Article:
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George Petersen is SVC's Senior Consulting Editor. He grew up in Italy, where he performed in rock bands, opening for acts such as The Searchers. Returning to America for...more

The 50-Year-Old Live Sound Mic

Vintage Sennheiser MD-421

Vintage Sennheiser MD-421

THERE AREN’T MANY LIVE SOUND MIC DESIGNS that are still being used a half-century later, but the Sennheiser MD-421 is just as useable today as it was on its debut in 1960. And now, some 50 years later, it’s still a favorite mic for drums, percussion, horns, guitar cabinets and vocals.

THE PREDECESSOR… Introduced in 1953, Sennheiser’s MD-21 dynamic microphone was rugged, reliable, good sounding and available in available in five colors. It remained in production for decades. However, the basic, no-frills MD-21 was an omnidirectional model, so in 1959, company founder Dr. Fritz Sennheiser worked with design engineers Paul-Friedrich Warning and Johann-Friedrich Fischer to take the design to the next step.

NEW MIC ON THE BLOCK… The project was the MD-421, a rugged dynamic mic that could provide a tight cardioid directivity pattern that was consistent at nearly all frequencies. It also featured the capability to handle extremely high sound pressure levels (up to 175 dB!), a hum compensation coil to prevent EMI/RFI interference and a 5-step low-frequency attenuation circuit for tweaking bass response.

The MD-421 had to provide studio-quality frequency response (30 Hz to 17 kHz) and be able to be manufactured in relatively large quantities. It was a tall order, but the development team went to work.

In any pro mic design, the capsule and electronics are the most difficult part of the design process, but with the MD-421, extreme attention was also paid to controlling low frequency directivity and assuring consistent polar response. This was accomplished using four rear vents near the rear of the mic, felt damping at the rear of the mic body, internal damping within the capsule and a bass pre-emphasis tube that provided airflow between the capsule interior and a large air chamber within the mic body. A cutaway diagram of the MD-421 reveals the complexity of a design that resembles a jet engine more than a dynamic microphone, with multiple air chambers, venting tubes and dampening material used inside the body cavity. Download this cutaway diagram of the MD-421 for a look into the complexity of the mic’s design.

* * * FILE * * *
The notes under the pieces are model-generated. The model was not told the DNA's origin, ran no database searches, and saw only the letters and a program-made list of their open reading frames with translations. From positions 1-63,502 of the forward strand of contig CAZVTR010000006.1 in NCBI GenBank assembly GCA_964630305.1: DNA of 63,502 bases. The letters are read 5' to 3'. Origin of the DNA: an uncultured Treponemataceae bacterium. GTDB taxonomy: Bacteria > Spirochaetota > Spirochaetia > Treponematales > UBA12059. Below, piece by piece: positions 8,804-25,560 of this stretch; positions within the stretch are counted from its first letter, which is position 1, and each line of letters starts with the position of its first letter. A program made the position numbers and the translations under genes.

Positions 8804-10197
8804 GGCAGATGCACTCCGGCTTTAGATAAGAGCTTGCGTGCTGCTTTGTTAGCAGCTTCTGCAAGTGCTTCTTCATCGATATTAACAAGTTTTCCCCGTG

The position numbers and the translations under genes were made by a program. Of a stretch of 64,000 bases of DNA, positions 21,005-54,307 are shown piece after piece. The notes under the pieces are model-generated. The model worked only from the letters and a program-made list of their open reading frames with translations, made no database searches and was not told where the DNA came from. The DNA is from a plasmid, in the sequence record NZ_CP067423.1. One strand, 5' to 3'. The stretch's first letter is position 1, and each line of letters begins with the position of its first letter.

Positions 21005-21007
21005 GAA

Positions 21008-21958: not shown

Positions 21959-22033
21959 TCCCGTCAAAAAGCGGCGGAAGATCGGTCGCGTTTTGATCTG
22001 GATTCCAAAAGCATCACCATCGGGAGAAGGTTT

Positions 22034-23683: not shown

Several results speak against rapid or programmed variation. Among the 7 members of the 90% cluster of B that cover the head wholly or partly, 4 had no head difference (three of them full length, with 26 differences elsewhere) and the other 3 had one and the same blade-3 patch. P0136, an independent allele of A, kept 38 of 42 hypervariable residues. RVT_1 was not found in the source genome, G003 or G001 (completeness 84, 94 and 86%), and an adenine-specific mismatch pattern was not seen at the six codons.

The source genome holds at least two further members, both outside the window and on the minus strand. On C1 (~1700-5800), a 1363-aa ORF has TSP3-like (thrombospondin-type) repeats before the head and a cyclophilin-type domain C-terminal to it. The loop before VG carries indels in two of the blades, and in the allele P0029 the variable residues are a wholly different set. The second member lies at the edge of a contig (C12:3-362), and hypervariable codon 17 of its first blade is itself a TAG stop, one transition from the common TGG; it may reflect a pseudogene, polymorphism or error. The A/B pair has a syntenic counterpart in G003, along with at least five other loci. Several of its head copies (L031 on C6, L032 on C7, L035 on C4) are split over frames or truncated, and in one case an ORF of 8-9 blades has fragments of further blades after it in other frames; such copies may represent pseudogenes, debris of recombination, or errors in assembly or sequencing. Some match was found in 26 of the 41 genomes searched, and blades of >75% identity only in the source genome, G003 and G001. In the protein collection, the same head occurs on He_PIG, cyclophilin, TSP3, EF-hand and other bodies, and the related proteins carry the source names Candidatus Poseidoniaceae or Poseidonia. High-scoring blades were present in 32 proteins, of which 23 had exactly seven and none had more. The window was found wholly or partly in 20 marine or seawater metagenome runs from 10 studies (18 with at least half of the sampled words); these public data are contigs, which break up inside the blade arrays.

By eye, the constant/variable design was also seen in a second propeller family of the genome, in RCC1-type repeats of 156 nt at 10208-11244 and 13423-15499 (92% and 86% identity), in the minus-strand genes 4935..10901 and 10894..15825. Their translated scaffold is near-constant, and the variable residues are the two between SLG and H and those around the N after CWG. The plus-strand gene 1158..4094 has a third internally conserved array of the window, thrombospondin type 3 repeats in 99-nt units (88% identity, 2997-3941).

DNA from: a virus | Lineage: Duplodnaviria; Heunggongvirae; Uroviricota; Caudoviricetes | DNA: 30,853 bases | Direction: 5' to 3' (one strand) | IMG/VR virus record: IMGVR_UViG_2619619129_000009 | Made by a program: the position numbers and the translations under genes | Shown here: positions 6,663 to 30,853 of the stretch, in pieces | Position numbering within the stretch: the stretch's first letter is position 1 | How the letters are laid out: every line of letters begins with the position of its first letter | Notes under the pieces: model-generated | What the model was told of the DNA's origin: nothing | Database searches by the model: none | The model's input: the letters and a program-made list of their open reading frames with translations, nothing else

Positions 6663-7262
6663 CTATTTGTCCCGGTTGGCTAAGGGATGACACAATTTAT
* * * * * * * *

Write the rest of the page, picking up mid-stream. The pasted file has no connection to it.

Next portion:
The MD-421′s body was made of DuPont Delrin polymer resin, which had just become available the year before, and 50 years later, the MD-421 remains one of the few professional audio microphones featuring a molded (now glass composite) body.

The MD-421 was launched at Germany’s Hannover Fair in 1960 and carried a price tag of 180 Deutschmarks (about $45 USD). The original version was available with Tuchel or DIN output connectors; an XLR model followed years later. But in any version, the MD-421 was an instant success.

THE PRESENT AND BEYOND… Today, the next-generation MD-421-II incorporates improvements such as a metal inner chassis for better weight distribution, a shorter, sleeker housing and self-sealing (non-adhesive) acoustic connections for improved serviceability. And with some 500,000 units in use since 1960, the MD-421 has definitely earned the well-deserved distinction of an audio classic. Read about the current Sennheiser MD-421-II.
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George Petersen’s most recent project is co-producing Chelle and Friends’ “Voodooville: A Celebration of New Orleans,” a surround-audio DVD of funk/blues/jazz insired from The Big Easy.

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About

George Petersen is an internationally recognized expert on audio production; he has written five books and more than 1,000 articles and lectured worldwide; he has been a writer and editor for SVC for 10 years and a leading voice at Mix since 1981. As an IATSE Journeyman, he has done sound reinforcement, 35/70mm motion picture projection, Dolby Stereo theater installs and film/video production. He also operates a record label, ASCAP publishing company, 24-track recording studio, and performs with the Bay Area rock ensemble ARIEL.
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